Use cases are a wonderful idea that has been vastly overcomplicated.
Over and over again I have seen teams sitting and spinning in their
attempts to write use cases. Typically they thrash on issues of form
rather than substance. They argue and debate over preconditions,
postconditions, actors, secondary actors, and a bevy of other things
that _just don't matter_.
The real trick to use cases is to _keep them simple_. Don't worry
about use case forms, just write them on _blank_ paper, or on a
_blank_ page in a simple word processor, or on _blank_ index cards.
Don't worry about filling in all the details. Details aren't
important until much later. Don't worry about capturing _all_ the use
cases; that's an impossible task.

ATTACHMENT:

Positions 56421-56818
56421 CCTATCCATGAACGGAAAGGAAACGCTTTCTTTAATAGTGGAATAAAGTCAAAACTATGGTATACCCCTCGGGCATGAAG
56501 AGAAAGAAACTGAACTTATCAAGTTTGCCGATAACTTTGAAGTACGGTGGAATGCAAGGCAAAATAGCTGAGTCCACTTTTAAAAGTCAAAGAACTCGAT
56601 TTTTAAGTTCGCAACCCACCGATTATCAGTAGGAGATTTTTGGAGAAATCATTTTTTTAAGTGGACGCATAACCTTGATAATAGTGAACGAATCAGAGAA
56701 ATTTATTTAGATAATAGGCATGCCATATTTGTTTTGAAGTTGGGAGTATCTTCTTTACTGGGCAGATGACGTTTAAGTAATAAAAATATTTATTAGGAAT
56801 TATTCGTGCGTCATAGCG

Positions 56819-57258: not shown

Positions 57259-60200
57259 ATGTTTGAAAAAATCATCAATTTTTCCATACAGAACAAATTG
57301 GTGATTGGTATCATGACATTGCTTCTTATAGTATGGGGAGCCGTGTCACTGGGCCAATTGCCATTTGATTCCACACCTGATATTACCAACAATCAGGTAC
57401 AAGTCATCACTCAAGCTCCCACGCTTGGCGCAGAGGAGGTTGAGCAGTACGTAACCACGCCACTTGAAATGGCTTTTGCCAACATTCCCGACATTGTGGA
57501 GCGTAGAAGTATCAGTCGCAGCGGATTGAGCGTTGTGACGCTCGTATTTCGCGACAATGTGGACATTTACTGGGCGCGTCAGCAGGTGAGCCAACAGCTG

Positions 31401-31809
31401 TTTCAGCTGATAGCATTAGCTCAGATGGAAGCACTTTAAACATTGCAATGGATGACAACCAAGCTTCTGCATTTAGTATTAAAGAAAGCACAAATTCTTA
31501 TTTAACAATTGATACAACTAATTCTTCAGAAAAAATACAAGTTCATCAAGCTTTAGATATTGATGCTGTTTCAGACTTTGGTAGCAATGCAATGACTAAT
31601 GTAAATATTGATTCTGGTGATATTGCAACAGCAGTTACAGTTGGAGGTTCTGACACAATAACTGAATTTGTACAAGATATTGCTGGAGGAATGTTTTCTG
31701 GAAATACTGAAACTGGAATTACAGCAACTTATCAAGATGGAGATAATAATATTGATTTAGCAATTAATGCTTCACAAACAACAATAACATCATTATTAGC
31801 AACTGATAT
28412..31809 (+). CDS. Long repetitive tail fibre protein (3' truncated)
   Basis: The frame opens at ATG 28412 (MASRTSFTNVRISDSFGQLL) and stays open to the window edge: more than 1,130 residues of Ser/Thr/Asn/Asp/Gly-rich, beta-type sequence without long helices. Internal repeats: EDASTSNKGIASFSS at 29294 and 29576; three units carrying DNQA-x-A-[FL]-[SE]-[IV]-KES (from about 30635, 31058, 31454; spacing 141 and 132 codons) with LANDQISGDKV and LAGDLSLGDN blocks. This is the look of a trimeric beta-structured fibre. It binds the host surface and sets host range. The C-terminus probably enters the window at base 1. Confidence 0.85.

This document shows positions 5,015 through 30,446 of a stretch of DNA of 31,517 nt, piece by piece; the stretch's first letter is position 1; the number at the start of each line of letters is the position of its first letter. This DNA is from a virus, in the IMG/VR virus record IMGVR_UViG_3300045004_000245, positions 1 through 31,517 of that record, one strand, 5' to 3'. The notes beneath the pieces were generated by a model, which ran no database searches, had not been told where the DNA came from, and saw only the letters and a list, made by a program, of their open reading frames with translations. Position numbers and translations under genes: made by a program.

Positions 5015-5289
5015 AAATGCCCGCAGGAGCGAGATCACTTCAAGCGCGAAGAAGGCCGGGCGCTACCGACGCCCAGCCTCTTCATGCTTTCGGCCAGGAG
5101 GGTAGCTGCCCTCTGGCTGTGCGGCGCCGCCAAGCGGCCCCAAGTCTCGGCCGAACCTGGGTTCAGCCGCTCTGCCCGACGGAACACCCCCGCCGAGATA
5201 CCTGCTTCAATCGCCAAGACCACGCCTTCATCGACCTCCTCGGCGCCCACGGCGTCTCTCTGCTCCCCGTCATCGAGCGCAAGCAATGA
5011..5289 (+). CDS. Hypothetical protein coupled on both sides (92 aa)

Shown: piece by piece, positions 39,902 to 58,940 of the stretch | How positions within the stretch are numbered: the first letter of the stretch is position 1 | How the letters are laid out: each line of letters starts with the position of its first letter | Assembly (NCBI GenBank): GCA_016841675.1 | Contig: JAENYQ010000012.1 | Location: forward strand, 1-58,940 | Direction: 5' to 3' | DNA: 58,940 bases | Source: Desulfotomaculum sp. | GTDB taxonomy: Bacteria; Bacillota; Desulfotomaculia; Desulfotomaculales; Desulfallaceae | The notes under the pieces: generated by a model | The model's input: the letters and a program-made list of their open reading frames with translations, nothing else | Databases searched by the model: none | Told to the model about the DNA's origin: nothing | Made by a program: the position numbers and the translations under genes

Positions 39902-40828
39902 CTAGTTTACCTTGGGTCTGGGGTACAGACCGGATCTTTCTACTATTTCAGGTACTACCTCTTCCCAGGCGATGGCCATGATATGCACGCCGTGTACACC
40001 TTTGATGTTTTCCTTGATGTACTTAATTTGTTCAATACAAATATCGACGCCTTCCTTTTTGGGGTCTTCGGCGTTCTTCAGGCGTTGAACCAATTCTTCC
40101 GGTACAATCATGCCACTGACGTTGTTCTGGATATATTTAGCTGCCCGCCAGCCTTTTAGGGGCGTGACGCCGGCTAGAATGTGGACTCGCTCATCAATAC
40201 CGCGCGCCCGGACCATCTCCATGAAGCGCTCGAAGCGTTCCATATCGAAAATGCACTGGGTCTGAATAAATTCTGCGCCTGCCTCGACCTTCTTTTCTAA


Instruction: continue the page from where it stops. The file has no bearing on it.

The one thing to remember about use cases is: _tomorrow they are going
to change_. No matter how diligently you capture them, no matter how
fastidiously you record the details, no matter how thoroughly you
think them through, no matter how much effort you apply to exploring
and analyzing the requirements, _tomorrow_ they are going to change.
If something is going to change tomorrow, you don't really need to
capture its details today. Indeed, you want to postpone the capture
of the details until the very last possible moment.
Think of use cases as _just in time requirements._
This post is an excerpt from my latest book:"UML for Java
Programmers", Robert C. Martin, Prentice Hall, 2003. See
http://www.objectmentor.com/UMLFJP for details.
Robert C. Martin | "Uncle Bob"
PO Box 5757 | Tel: (800) 338-6716
565 Lakeview Pkwy | Fax: (847) 573-1658 | www.objectmentor.com
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